We've heard of sticking keyboards in a dishwater to clean out the cruft (with mixed results), but motherboards, memory, and bare naked motherboards? Well, how else do you propose cleaning off the Vaseline?
This sounds like the setup to an April Fools' Day prank, but it's very real, and it has to do with an insane overclocking battle taking place on YouTube. Or as JayzTwoCents puts it, an overclocking beef (albeit a friendly one) between him, Bitwit, Gamers Nexus, Paul's Hardware, Linus Tech Tips, and now overclocking guru Der8auer.
The friendly battle was born out of Nvidia's GeForce RTX 2080 Ti graphics card. "What happens when NVIDIA Launches a GPU that really wasn't all that exciting? You overclock the hell out of it and see who can push theirs farther!," JayzTwoCents explains.
They're chasing 3DMark records, and the bragging rights that go along with them. That's pretty typical when new hardware is released. However, what's unique about this round of competition is that the participants are posting videos that detail some crazy setups.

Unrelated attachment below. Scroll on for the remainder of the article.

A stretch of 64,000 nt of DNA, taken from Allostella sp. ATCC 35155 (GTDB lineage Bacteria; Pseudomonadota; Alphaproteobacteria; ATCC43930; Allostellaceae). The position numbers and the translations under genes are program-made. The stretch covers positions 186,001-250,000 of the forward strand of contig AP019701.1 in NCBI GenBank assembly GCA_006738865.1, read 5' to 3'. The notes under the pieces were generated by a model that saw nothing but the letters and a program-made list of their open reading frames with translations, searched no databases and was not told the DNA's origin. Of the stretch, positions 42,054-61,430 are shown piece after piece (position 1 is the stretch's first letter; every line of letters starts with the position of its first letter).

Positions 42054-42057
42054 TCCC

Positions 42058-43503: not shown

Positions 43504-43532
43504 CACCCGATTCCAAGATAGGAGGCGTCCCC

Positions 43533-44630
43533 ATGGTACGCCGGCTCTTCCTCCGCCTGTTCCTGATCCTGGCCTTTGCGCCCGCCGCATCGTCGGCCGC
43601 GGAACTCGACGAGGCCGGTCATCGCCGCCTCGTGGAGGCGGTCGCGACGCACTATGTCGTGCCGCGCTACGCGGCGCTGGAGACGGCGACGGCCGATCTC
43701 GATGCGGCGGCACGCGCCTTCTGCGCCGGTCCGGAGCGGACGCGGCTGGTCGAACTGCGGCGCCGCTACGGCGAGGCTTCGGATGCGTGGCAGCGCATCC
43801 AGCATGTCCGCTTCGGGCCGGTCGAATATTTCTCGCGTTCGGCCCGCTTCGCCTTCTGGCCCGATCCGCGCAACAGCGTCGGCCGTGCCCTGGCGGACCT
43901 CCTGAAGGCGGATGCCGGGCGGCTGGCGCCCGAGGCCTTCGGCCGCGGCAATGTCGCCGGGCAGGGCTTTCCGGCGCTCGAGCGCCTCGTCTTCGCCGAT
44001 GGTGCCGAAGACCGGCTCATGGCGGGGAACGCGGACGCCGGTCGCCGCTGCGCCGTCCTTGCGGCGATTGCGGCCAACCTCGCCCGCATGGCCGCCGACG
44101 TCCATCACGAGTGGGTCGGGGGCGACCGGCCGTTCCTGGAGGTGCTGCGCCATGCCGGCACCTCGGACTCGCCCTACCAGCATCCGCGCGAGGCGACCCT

The latest one to emerge is from Der8auer, and in it he explains how and why he uses a dishwasher to clean his components. For him, this has been the easiest way of removing the Vaseline that gets applied to areas of components to protect them from condensation.
He doesn't use any soap or detergent, just water. He notes that Vaseline melts at fairly low temperatures, and while he doesn't necessarily recommend trying this at home, he's apparently been using this method a long time with good success. Check it out:
Pretty wild, but it's really just the tip of the overclocking iceberg. JayzTwoCents uploaded a video showing his setup being cooled by an air conditioner blowing cold air into a carboard enclosure. Have a look:
There are more than a dozen videos with several hours of combined content, presumably with even more to come. Check it all out if you have time to kill, or just want to see how what kind of extremes the overclocking pros are will to go in pursuit of benchmarking records.